Fiscal Data for Emergency Response: Guide for COVID-19

By Lorena Rivero del Paso and Juan Pablo Guerrero


The COVID-19 pandemic has forced many governments to launch emergency spending and tax policy measures to mitigate the potentially catastrophic impact on the health of their people and economies. The speed of these adjustments has challenged traditional approaches to managing risks, inefficiencies, budgetary allocations and corruption. At the same time, fiscal rules have been put on hold. Budget balances, debt obligations and revenue adjustments in many countries exceed any level that would have been deemed acceptable before March 2020.

In a context in which rapid decision-making has become the norm, traditional mechanisms for providing information to the public have fragmented or broken down. Some governments have succeeded in disclosing information on emergency responses transparently, but many have not had the political will or the tools to do so.

This has required the public finance community to reflect on the preparedness of current reporting instruments and internal data architecture of governments to monitor rapid adjustments and their impact to inform time-sensitive decision-making, coordination and monitoring. Equally important is the type, disaggregation and format in which such information is required by the public and other external stakeholders to facilitate policy discussion, assist implementation and enforce accountability.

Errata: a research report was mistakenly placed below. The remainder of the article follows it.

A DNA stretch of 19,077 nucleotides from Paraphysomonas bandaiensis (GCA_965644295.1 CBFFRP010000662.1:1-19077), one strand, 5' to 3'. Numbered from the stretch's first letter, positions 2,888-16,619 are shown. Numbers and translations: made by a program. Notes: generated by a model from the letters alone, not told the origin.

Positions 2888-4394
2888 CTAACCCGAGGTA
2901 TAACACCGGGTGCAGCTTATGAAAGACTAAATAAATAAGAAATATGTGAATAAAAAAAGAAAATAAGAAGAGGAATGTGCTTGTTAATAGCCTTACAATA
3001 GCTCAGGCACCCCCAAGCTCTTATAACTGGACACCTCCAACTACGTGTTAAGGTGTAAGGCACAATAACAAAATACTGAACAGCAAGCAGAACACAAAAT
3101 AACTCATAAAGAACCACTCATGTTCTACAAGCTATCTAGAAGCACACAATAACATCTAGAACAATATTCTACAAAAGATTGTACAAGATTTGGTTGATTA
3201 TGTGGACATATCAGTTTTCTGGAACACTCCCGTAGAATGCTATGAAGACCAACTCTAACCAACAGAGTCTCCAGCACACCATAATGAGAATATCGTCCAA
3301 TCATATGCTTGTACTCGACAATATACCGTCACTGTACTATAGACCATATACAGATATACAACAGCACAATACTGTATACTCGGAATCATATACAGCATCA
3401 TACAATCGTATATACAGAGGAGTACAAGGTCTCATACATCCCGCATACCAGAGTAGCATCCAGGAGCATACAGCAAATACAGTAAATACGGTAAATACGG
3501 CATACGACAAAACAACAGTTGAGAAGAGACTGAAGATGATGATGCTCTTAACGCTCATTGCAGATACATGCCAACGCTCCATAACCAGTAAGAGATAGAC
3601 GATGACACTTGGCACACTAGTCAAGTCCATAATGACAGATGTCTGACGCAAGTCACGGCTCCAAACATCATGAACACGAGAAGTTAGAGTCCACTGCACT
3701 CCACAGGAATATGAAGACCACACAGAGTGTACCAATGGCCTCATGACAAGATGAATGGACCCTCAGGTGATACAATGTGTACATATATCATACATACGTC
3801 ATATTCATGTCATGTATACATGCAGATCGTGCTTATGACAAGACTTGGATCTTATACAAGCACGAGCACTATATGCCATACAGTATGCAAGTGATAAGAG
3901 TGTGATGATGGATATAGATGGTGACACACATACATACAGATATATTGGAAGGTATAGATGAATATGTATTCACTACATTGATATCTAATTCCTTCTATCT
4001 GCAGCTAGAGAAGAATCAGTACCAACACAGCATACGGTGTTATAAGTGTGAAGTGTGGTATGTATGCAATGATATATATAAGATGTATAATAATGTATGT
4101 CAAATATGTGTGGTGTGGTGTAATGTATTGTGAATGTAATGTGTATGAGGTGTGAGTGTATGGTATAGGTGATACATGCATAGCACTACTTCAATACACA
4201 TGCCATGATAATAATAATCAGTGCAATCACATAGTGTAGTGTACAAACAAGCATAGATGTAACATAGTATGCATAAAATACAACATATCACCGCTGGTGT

The Global Initiative for Fiscal Transparency (GIFT) network, with support of the OGP Multi-Donor Trust Fund, has created a practical guide to help practitioners identify the datasets and data fields that are required for informed internal decision-making and transparent disclosure of information related to emergency responses. GIFT is a global network integrated by stewards and partners from ministries of finance—or equivalent—, civil society organizations, expert agencies and international financial institutions. As part of the dialogue, peer-learning and knowledge exchange within the network, this guide has been developed as the product of global consultations and collective work with experts in the fiscal, open data and open government arenas. Its structure observes a user-centered and purpose-oriented approach and results from the engagement of representatives from nine ministries of finance, 16 civil society expert organizations and 12 international organizations in co-creation workshops.

The guide includes 15 datasets and 13 time series grouped into four dimensions as follows:

  • Emergency and countercyclical spending (including budget adjustments, extra-budgetary funds, performance indicators, investments, payroll and procurement);
  • Tax relief measures and deferrals;
  • Revenue adjustments and additional funding sources (covering revenue adjustments, contingent tax collections, loans and other debt instruments, and external development and humanitarian resource flows); and
  • The macroeconomic impact of the emergency fiscal measures.

Each dataset is further disaggregated into more than 370 relevant data fields. The guide also includes examples of how the data can be used by governments and other stakeholders for various purposes of management, monitoring and evaluation.